featured "Milosevic -- The Face of Evil -- His Mind and Motives." In
sharp contrast, reporting on the motivations of U.S. policy-makers has been
In a recent essay, National Public Radio correspondent Sylvia Poggioli
noted that the countries of the Balkans as well as Eastern and Central
Europe have been under close Western scrutiny during this decade. Yet,
she pointed out, "too often their most zealous monitors have been
free-market missionaries whose democracy-building yardstick is limited to
privatization of industry and the creation of a consumer society."
High on the U.S. agenda has been the aim of making that part of the
world safe for unbridled corporate investment and big profits -- though you
wouldn't know it from the corporate-owned U.S. news media.
* On human rights, journalists commonly go along with the double
standards favored by the White House and congressional leaders.
To depart from their own propaganda functions, major U.S. media
outlets could insist on pursuing tough questions. Such as: If humanitarian
concerns are high on Washington's agenda, why drop bombs on Yugoslavia and give
aid to Turkey?
As it happens, the most righteous charges leveled by President Clinton
against the Yugoslav government about its brutal treatment of ethnic
Albanians could just as accurately be aimed at the Turkish government
for its repression of Kurds. But Washington and Ankara are cozy NATO
allies, so we hear little about the large-scale torture and murder of Kurdish
people inside Turkey.
The journalistic responsibility remains unmet: News outlets should
embrace a single standard of human rights in their reporting.
* Intrepid at their keyboards and microphones, hundreds of American
commentators demand further escalation of high-tech bombing.
A typical enthusiast, New York Times columnist Thomas Friedman, was so
enthralled with his own witticism "Give war a chance" that he repeated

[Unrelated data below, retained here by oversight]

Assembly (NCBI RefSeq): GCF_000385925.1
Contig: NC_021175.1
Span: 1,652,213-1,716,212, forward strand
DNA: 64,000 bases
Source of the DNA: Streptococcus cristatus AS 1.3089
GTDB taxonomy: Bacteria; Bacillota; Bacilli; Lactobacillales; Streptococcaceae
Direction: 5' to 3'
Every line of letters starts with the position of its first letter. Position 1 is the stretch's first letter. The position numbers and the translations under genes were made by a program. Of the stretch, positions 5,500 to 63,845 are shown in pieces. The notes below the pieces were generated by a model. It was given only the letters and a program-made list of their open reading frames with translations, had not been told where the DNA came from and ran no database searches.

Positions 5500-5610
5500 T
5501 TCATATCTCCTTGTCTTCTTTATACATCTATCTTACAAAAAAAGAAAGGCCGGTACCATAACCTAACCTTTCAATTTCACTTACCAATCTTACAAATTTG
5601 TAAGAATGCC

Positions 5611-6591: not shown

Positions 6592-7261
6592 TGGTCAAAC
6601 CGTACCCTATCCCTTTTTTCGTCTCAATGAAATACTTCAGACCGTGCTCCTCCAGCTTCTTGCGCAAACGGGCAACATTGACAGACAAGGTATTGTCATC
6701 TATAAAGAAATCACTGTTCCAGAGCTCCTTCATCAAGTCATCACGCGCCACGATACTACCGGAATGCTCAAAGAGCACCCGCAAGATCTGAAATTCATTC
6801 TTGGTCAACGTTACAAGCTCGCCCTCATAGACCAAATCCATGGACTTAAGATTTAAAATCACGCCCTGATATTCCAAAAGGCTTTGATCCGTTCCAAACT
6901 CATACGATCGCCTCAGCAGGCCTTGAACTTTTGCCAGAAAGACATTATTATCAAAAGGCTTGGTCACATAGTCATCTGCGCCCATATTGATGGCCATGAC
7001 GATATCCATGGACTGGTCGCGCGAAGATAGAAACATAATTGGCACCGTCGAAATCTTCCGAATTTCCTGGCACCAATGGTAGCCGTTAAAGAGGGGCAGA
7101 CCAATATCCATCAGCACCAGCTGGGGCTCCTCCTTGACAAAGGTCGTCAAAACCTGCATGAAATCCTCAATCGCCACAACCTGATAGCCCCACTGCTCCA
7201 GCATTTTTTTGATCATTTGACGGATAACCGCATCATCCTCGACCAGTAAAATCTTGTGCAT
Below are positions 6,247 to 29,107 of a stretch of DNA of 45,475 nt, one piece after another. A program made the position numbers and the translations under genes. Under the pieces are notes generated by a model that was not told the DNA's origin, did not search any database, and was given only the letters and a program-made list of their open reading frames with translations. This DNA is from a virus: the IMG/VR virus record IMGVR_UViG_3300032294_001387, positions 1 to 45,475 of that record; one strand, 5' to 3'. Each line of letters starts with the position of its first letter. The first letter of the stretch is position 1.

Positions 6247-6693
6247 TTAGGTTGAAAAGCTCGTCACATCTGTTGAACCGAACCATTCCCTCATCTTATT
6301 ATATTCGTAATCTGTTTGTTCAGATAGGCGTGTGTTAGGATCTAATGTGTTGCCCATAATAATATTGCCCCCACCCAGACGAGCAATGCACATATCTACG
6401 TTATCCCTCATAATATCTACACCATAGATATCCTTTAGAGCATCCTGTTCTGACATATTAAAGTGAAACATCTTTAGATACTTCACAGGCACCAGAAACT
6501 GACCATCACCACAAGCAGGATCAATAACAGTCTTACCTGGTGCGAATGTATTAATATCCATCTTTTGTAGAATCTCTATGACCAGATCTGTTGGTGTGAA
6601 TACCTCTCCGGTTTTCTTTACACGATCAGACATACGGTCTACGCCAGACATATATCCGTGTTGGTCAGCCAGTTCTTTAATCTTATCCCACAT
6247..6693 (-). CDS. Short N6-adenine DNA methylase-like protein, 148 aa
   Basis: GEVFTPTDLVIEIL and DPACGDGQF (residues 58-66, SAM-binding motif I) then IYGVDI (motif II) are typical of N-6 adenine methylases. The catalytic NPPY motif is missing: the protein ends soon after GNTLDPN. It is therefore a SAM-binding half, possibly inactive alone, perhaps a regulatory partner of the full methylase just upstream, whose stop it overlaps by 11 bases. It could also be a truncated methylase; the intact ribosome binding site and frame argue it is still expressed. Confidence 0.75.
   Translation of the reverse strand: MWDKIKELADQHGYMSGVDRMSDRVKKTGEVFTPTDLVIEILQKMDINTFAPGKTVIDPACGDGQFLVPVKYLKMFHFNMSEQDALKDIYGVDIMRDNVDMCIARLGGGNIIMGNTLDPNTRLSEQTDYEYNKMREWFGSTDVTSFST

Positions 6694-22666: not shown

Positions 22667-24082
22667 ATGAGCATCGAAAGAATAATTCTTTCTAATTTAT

it from one column to another last month. Friedman has been upbeat about
prospects for more extensive carnage. "It should be lights out in
Belgrade: Every power grid, water pipe, bridge, road and war-related factory has
to be targeted."
"Liberal" pundits are among the most bloodthirsty. Last November, when
the United States postponed its missile attack on Baghdad, disappointment
was rampant. Washington Post columnist Richard Cohen complained: "The
Clinton administration waited too long to act. It needed to punch out Iraq's
lights, and it did not do so."
Journalists should get a grip and leave the schoolyard posturing
behind -- or find a profession where their flip bravado would do less harm.
* As crucial participants in the U.S. government's agenda-building for
this war, the American mass media have glided over key aspects of the
negotiations that led up to it.
The Rambouillet accords -- rejected by Slobodan Milosevic in late
March just before the bombing began -- actually allowed for NATO troops to
occupy all of Yugoslavia, a provision that no sovereign nation would accept.
At the time, the American news media were silent about that fact. Now,
when pressed on the matter, many journalists at big national media outlets
say it's old news. But they never reported it in the first place.
Appendix B of the Rambouillet text includes such provisions as: "NATO
personnel shall enjoy, together with their vehicles, vessels,
aircraft, and equipment, free and unrestricted passage and unimpeded access
throughout the FRY [Federal Republic of Yugoslavia] including associated air
space and territorial waters."
Not all American journalists are sleepwalking through this war,
deferring to the guidance of U.S. officials. At the Overseas Press Club awards
dinner, two recipients of honors demanded that Holbrooke -- who had
personally delivered the ultimatum to Belgrade hours before the bombs
started falling -- account for the little-known stipulations in the
Rambouillet text. Amy Goodman and Jeremy Scahill, gutsy journalists
with Pacifica Radio, confronted him with a question that America's
mainstream media had failed to ask.
Aided by awards presenter Tom Brokaw, the esteemed diplomat slipped
away without answering. Nor did the assembled editors, reporters and
producers support Goodman and Scahill in their quest for a full explanation.
In a banquet room filled with hundreds of American journalists, the
ambassador was among friends.